Wide-angle seismic data acquired by use of air-guns and Ocean Bottom Seismometers (OBS) contain strong direct water arrivals and multiples, generally considered as noise and thus not included in the modelling. However, a recent study showed that standard ray-tracing modelling of the water multiples recorded off the Bear Island, North Atlantic, provided a reliable estimate of the velocity distribution in the water layer. Along the profile, the water velocity is found to change from about 1450 to approximately 1490 m/s. In the uppermost 400 m the velocities are in the range of 1455-1475 m/s, corresponding to the oceanic thermocline. In the deep ocean there is a velocity decrease with depth, and a minimum velocity of about 1450 m/s is reached at about 1.5 km depth. Below that, the velocity increases to about 1495 m/s at approximately 2.5 km depth.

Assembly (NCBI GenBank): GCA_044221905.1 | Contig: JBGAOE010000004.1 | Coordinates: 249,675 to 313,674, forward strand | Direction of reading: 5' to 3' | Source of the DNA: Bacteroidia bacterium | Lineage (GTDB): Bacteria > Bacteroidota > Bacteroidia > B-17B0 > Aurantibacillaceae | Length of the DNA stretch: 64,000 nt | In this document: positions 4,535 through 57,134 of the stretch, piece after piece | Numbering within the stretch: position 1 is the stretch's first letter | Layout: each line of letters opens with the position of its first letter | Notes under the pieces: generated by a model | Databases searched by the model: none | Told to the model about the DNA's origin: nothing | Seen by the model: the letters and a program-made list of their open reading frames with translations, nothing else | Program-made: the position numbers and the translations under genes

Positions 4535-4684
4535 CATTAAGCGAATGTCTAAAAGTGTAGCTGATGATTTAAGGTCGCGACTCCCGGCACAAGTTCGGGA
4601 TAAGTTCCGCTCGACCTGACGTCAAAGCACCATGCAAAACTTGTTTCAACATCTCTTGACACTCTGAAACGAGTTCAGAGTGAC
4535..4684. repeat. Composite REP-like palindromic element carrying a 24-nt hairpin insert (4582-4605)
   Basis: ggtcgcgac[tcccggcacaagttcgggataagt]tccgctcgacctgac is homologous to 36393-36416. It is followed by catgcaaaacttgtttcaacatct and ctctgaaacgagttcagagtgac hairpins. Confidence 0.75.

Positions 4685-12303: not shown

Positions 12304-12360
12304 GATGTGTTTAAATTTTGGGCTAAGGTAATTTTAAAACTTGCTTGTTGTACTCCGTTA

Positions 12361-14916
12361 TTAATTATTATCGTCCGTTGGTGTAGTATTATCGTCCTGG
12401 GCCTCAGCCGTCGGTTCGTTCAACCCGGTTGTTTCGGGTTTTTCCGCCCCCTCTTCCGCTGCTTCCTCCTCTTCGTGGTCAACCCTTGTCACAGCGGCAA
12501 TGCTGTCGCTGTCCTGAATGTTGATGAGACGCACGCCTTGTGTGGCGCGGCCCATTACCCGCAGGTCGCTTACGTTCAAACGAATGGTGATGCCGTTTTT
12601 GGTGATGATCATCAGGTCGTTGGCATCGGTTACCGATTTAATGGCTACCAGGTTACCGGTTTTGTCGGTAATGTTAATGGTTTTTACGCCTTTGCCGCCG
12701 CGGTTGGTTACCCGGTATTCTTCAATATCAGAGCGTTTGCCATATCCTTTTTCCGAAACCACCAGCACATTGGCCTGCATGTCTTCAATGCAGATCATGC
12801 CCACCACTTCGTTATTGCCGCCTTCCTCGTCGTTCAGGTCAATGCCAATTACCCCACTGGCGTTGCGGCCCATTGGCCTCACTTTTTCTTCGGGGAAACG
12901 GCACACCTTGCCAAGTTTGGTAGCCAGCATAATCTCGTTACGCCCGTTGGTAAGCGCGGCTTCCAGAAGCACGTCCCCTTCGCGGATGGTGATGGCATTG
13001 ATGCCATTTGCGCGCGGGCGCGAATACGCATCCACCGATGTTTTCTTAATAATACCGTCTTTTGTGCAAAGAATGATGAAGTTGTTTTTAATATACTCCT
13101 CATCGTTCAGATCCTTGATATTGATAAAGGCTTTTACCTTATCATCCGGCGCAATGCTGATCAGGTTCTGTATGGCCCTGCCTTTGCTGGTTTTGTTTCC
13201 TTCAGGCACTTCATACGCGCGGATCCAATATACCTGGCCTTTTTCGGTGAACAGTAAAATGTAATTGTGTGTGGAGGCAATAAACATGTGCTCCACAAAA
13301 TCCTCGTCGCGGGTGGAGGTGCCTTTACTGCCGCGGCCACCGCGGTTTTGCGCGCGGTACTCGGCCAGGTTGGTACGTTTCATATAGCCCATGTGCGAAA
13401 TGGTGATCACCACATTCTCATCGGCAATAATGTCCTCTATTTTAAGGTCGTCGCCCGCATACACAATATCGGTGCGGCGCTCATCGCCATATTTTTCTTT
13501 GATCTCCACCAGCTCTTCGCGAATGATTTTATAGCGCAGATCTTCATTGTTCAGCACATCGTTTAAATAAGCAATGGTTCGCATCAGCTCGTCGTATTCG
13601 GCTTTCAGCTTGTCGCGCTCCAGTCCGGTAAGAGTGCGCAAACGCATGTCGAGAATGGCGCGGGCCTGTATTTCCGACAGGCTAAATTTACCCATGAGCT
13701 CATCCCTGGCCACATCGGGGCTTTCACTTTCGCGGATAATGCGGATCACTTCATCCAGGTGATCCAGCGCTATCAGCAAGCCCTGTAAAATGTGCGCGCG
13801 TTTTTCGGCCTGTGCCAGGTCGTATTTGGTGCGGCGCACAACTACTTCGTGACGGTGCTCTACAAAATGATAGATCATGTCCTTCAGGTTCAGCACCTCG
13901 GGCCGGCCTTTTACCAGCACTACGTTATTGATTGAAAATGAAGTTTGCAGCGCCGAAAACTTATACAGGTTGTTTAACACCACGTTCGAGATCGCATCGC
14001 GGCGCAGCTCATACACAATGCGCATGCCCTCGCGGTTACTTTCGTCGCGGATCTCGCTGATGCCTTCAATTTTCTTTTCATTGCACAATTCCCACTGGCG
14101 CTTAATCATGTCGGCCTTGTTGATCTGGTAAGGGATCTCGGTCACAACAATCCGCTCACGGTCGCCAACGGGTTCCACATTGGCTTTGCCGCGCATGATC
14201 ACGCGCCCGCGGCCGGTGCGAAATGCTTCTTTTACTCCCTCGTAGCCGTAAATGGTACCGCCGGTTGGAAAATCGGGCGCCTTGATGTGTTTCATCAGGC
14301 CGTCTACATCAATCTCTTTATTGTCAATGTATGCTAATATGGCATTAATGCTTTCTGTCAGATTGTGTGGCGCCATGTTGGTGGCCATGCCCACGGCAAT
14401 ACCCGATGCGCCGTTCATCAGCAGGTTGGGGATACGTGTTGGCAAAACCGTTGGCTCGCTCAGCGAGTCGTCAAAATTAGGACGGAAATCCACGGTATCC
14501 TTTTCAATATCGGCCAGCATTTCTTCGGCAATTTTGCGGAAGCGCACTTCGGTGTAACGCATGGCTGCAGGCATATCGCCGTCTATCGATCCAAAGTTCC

Here, we demonstrate that including the amplitudes in the modelling provide valuable information about the VP contrast at the seafloor, as well as the VP/VS ratio and attenuation (QP) of the uppermost sediments. The VP contrast at the seafloor is estimated at about 250 m/s, within a precision of approximately ±30 m/s. The VP/VS ratio in the uppermost sedimentary layer is modeled in the range 2.25-2.50, and the QP factor is estimated at 1000 for the water and 30-50 and 40-50 for the uppermost sediments. The values obtained for the sediments suggest a lithology dominated by silty clays, with porosity below average.
EPIC Alfred Wegener Institut